In the ocean washing off my name from your throat
In the morning, in the morning

…and these words are contingent upon their act of creation, but the meaning of the words, that is, the poem itself still exists in a space of freedom where it may “speak differently” to different people.

This freedom is not simply some quirk of poetry. It seems awfully close to the heart of all artistic creation. Art becomes incredible precisely when the creator experiences his creation as determining itself, during those moments we describe as “spontaneous,” whether in performance or creation. We’ve been saying this since Plato, who described poetic inspiration as a kind of possession, a lack of control over the content of the poem. “The best things we have come from madness, when it is given as a gift of the god” (Phaedrus 244a). Indeed, is this not the language we use when we speak of artistic brilliance, that the artist relinquishes control and let’s his art take over? The dancer who “loses herself,” Coltrane, who in fiery bouts of improvisation gives up a certain control over the content he produces, or the writer whose characters express a life of their own, characters who often — to the dismay of the writer — decide to “do things” the writer never conceived of — are not all of these expressions of the work of art existing in some degree of freedom, asserting, however strange it may seem, a life outside of the artist?

Indeed, this is the wish all artists seem to have for their art — that it will have a life outside of them, that it will be beautiful, great and powerful without any necessary reference to the artist who created it. To wish immortality on a work of art and to wish it freedom are one in the same, for only by being free from its creator can a work of art outlast its creator. Lady Gaga’s work will not achieve immortality because it depends entirely on the character of Lady Gaga, the death of whom will usher in the death of her work, unless she writes something good. But if the artist grants a work freedom, then it may well last forever.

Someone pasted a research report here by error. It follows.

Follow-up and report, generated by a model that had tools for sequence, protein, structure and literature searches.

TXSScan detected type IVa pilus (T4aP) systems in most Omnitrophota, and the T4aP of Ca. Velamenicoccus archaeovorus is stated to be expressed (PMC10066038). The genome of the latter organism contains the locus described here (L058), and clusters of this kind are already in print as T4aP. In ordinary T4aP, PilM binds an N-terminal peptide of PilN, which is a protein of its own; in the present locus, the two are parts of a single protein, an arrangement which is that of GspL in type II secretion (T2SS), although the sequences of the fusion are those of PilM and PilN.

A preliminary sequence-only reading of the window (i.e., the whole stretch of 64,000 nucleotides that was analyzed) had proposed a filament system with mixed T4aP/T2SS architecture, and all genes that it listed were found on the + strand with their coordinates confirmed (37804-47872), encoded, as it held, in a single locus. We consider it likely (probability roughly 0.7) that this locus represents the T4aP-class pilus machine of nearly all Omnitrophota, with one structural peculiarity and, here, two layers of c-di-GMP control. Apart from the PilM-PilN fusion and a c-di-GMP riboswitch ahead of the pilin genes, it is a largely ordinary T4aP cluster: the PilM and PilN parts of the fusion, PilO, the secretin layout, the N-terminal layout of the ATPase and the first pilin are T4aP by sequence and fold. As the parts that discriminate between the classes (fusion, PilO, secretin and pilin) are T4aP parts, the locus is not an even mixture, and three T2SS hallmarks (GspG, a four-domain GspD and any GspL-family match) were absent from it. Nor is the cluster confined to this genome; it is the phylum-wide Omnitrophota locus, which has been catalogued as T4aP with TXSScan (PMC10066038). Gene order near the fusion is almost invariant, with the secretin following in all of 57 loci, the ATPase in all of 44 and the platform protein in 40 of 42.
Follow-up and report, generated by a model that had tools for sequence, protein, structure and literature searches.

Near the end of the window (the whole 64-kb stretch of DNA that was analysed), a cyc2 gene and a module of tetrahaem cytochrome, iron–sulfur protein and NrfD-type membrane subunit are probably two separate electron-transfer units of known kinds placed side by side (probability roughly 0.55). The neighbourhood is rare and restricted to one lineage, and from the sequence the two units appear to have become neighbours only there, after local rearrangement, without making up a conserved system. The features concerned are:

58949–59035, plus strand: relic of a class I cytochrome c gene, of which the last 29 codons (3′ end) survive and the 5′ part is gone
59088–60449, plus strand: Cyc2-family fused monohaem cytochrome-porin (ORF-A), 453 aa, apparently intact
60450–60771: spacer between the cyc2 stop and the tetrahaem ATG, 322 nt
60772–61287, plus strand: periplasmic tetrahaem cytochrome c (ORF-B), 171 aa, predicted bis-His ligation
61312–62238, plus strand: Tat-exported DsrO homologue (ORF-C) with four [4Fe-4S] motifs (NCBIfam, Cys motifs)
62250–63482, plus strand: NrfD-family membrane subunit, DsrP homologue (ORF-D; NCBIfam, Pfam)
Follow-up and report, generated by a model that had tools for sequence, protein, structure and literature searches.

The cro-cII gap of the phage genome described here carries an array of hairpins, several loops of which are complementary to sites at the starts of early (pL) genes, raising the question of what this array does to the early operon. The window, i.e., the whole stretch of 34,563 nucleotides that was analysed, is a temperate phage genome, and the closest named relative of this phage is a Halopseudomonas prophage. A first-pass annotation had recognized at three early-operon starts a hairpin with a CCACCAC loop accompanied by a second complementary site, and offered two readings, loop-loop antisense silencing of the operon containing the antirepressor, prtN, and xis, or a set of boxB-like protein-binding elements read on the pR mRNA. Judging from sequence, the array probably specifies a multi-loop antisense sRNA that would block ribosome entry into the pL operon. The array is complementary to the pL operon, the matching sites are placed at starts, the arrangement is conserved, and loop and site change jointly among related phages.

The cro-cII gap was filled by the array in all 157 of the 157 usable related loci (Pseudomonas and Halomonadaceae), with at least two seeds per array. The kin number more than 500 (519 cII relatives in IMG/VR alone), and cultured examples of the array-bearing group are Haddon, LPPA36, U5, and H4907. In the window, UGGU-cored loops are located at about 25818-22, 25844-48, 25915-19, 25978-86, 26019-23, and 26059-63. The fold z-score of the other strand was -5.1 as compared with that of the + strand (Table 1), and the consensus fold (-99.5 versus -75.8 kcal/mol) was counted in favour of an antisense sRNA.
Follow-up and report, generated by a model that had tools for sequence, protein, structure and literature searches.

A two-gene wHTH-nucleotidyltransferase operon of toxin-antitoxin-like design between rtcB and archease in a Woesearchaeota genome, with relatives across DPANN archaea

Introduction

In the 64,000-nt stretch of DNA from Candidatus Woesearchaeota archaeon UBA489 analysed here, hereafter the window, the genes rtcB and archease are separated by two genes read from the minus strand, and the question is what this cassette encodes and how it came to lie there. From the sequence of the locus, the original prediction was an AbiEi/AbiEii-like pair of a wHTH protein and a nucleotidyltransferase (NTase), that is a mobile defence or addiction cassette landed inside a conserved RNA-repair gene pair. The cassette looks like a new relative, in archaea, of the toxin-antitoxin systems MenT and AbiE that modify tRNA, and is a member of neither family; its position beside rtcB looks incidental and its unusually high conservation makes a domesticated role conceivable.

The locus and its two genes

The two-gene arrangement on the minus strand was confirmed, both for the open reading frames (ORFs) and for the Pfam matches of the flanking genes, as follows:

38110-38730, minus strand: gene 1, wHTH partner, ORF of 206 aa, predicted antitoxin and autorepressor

Here it seems appropriate to turn back to the human person. Now for the person, like the work of art, creation and discovery are one in the same. Parents procreate their child without any certainty as to what they have wrought. That the child’s existence is contingent upon their creative action is undeniable. That their child’s identity is to some extent contingent on their parenting, their formative love, is likewise obvious. However, the child is also radically free. He surprises his parents. He is not a combination of them — he is his own world. His parents have created a mystery that moves itself, a self-determined creature, a being with a locus of freedom apart from even the strongest parenting. As such, the child appears as a synthesis of freedom and necessity, of that which is determined and that which is self-determined.

Parenting is an art, and I mean this as a fact, not as a compliment. Parenting creates the child, but it is simultaneously an act of humility towards the child, an act of formation that nevertheless recognizes the mystery of the child, the fact that the child — though utterly dependent on you for existence — is simultaneously self-determined. Children are works of art, for precisely the same reason that children are surprising. It is the joy of the parent to see his child acting in freedom, “coming into his own,” exceeding expectations — in short, as the work of art delights the artist by expressing its strange freedom, so the child delights his parent by expressing the same.

Now all I have done is point out a perceived similarity between the work of art and the human person. Whether this similarity is more than just coincidence, that is, whether I can really say “people are art” in clear truth and not just in a nice-sounding metaphor remains to be seen.